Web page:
Fixing a Saggy Floor
The solution is almost always down under
What's the best way to fix a floor that sags?
– Billy, McDonough, Georgia
Tom Silva replies: A sagging floor almost always means the structure below it is sagging. In that case, it's important to know whether the sag is in the center of the room or around the edge of the room. It could either be that your foundation is drooping and your whole house is sagging, or it could mean — especially in an old house — that the floor joists have been there for a long time and gravity is pulling them own.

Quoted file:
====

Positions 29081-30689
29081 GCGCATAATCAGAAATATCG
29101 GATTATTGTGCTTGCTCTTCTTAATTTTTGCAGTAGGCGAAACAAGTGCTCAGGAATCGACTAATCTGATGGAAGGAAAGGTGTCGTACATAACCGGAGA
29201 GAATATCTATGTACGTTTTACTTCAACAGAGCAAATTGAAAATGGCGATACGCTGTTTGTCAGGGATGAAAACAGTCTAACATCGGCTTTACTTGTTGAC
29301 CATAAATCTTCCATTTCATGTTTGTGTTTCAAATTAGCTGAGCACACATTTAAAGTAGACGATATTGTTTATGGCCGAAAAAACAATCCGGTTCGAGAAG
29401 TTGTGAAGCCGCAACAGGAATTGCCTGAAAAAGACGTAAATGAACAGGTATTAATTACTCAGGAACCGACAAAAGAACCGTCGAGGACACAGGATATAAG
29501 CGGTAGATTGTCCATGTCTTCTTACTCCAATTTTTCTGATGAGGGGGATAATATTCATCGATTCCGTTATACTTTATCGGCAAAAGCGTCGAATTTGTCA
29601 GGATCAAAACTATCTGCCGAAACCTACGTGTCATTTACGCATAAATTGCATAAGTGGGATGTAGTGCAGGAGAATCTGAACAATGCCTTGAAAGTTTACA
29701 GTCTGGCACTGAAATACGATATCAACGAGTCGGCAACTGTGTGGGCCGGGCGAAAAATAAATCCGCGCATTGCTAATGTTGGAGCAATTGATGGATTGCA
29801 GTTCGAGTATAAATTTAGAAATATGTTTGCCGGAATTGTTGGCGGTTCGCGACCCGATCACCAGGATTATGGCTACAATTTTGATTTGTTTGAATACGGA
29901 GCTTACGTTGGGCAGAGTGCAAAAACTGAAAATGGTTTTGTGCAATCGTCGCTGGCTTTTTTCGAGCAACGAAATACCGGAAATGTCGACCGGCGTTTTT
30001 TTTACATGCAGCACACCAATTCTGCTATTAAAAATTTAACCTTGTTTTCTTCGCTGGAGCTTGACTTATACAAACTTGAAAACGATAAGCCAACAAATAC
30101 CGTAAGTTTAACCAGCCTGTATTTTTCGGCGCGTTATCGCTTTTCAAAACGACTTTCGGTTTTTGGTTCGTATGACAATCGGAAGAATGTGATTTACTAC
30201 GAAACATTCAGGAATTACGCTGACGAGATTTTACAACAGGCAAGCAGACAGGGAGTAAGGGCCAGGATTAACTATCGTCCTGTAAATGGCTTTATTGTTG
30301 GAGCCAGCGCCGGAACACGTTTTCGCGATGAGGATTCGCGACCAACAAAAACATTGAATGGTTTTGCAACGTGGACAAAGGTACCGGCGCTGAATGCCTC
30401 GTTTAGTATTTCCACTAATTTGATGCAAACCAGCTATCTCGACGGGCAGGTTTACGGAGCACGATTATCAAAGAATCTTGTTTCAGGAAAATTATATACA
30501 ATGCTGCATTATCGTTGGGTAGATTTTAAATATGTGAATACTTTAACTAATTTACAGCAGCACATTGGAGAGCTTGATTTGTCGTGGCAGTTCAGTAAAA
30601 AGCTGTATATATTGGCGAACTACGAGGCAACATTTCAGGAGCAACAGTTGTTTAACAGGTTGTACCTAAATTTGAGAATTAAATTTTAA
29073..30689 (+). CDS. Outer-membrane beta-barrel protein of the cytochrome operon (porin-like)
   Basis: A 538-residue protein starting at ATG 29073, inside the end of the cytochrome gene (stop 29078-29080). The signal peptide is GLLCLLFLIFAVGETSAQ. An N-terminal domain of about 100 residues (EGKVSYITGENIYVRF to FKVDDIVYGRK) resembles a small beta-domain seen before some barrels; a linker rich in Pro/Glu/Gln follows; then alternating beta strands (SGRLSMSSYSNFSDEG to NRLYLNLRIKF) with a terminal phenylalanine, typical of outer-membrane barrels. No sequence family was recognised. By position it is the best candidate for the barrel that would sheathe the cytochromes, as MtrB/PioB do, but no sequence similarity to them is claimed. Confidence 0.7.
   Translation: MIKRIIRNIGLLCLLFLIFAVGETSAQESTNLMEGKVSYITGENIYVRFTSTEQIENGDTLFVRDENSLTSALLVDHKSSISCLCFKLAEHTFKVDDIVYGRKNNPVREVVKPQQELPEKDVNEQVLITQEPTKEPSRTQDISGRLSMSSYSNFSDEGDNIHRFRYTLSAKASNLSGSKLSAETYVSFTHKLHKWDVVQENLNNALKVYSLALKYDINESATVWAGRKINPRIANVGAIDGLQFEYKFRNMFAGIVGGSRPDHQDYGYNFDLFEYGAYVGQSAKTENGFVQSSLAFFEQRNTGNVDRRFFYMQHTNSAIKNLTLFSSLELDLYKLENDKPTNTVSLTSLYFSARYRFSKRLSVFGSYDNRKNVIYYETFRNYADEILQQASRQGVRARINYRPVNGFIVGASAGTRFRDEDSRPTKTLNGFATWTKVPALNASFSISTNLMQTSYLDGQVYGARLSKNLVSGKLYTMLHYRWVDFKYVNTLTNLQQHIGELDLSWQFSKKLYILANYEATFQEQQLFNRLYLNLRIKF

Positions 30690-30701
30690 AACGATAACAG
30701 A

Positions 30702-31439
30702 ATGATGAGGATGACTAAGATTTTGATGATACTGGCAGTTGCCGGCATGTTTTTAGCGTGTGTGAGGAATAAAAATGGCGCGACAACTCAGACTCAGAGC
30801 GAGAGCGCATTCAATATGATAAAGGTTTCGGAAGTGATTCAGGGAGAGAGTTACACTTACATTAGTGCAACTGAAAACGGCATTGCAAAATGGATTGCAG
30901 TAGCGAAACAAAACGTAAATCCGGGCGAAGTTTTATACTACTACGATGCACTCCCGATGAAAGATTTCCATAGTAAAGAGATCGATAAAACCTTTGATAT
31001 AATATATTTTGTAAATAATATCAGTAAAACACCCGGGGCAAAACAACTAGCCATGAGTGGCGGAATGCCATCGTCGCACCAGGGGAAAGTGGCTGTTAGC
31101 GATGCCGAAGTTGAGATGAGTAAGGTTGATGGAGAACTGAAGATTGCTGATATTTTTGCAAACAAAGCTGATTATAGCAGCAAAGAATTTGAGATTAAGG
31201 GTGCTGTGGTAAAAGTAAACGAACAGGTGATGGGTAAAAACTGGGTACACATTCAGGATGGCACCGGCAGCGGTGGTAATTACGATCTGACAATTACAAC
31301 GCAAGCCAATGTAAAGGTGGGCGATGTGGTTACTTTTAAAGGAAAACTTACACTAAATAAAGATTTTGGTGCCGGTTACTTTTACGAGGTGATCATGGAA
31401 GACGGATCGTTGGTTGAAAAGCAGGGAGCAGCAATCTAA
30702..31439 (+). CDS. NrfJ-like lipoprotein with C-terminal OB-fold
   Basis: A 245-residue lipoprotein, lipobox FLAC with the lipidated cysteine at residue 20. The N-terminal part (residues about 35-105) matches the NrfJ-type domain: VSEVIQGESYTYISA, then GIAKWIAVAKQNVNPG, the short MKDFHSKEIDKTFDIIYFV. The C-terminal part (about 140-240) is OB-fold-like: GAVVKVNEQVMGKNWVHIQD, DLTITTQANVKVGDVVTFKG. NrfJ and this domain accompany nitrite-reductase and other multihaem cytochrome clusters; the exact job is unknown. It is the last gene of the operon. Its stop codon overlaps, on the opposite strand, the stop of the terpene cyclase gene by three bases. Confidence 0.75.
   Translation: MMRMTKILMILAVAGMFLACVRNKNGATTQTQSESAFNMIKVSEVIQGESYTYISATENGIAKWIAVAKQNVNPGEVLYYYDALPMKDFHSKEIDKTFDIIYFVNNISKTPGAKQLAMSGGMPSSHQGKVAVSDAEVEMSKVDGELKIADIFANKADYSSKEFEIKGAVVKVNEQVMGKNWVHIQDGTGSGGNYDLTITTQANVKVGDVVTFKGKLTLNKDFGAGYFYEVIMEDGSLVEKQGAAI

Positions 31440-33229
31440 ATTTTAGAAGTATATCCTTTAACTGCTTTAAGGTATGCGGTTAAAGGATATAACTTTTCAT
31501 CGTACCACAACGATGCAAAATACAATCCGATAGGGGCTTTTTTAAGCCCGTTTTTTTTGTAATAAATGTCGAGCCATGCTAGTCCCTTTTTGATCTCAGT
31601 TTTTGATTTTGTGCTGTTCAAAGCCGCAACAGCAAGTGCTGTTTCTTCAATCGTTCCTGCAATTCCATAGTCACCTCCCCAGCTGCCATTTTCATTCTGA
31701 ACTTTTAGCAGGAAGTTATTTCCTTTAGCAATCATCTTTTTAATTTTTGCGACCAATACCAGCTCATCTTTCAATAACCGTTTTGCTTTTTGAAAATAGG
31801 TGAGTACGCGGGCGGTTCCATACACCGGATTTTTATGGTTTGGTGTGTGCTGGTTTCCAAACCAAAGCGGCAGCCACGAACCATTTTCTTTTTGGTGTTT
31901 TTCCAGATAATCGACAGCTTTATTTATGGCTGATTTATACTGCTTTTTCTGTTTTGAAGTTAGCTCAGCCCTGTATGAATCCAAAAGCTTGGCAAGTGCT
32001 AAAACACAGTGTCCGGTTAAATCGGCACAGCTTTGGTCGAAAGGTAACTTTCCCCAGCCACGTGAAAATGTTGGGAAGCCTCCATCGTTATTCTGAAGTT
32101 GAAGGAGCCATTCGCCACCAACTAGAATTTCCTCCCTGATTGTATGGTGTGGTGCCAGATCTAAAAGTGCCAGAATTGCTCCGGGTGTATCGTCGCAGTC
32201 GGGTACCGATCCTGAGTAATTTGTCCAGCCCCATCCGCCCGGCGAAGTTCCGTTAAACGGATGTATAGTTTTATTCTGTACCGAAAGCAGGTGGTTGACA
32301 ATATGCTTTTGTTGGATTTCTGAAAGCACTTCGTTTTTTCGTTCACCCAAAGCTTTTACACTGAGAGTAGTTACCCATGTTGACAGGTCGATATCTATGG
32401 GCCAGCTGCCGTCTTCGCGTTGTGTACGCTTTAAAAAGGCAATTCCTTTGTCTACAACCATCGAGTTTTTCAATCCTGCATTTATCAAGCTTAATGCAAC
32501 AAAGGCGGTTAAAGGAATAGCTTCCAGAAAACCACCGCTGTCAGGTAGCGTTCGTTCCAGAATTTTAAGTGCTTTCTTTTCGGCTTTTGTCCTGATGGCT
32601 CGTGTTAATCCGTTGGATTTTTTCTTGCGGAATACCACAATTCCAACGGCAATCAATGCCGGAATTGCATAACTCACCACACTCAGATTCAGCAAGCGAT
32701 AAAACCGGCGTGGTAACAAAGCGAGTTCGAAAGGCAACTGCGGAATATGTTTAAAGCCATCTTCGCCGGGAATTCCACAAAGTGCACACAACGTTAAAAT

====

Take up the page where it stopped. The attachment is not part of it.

I have to warn you that fixing a sagging floor can be expensive and difficult. If you can put a beam up with some posts from below across the center of the room, you may be able to lift the floor into place. But your floor didn't sag overnight, it sagged over many years, so you have to fix it gradually, too. If you push it up too quickly, you can cause problems on each end of the floor. It might take a few weeks, but if the floor is built into solid structure on each end, you can push it up. Using hydraulic jacks — we typically use 20- to 40-ton jacks — push the floor up some in the morning, and wait a little while. Later on in the day, push it up a little more. A little later in the day, push it up a little more. Any time you jack or lift or try to push something back into position, you run the risk of cracking something, somewhere, so go slow. When you get the floor back into position, you just reinforce it with beams underneath. You should probably consider seeking some professional help for this project if you decide to undertake it.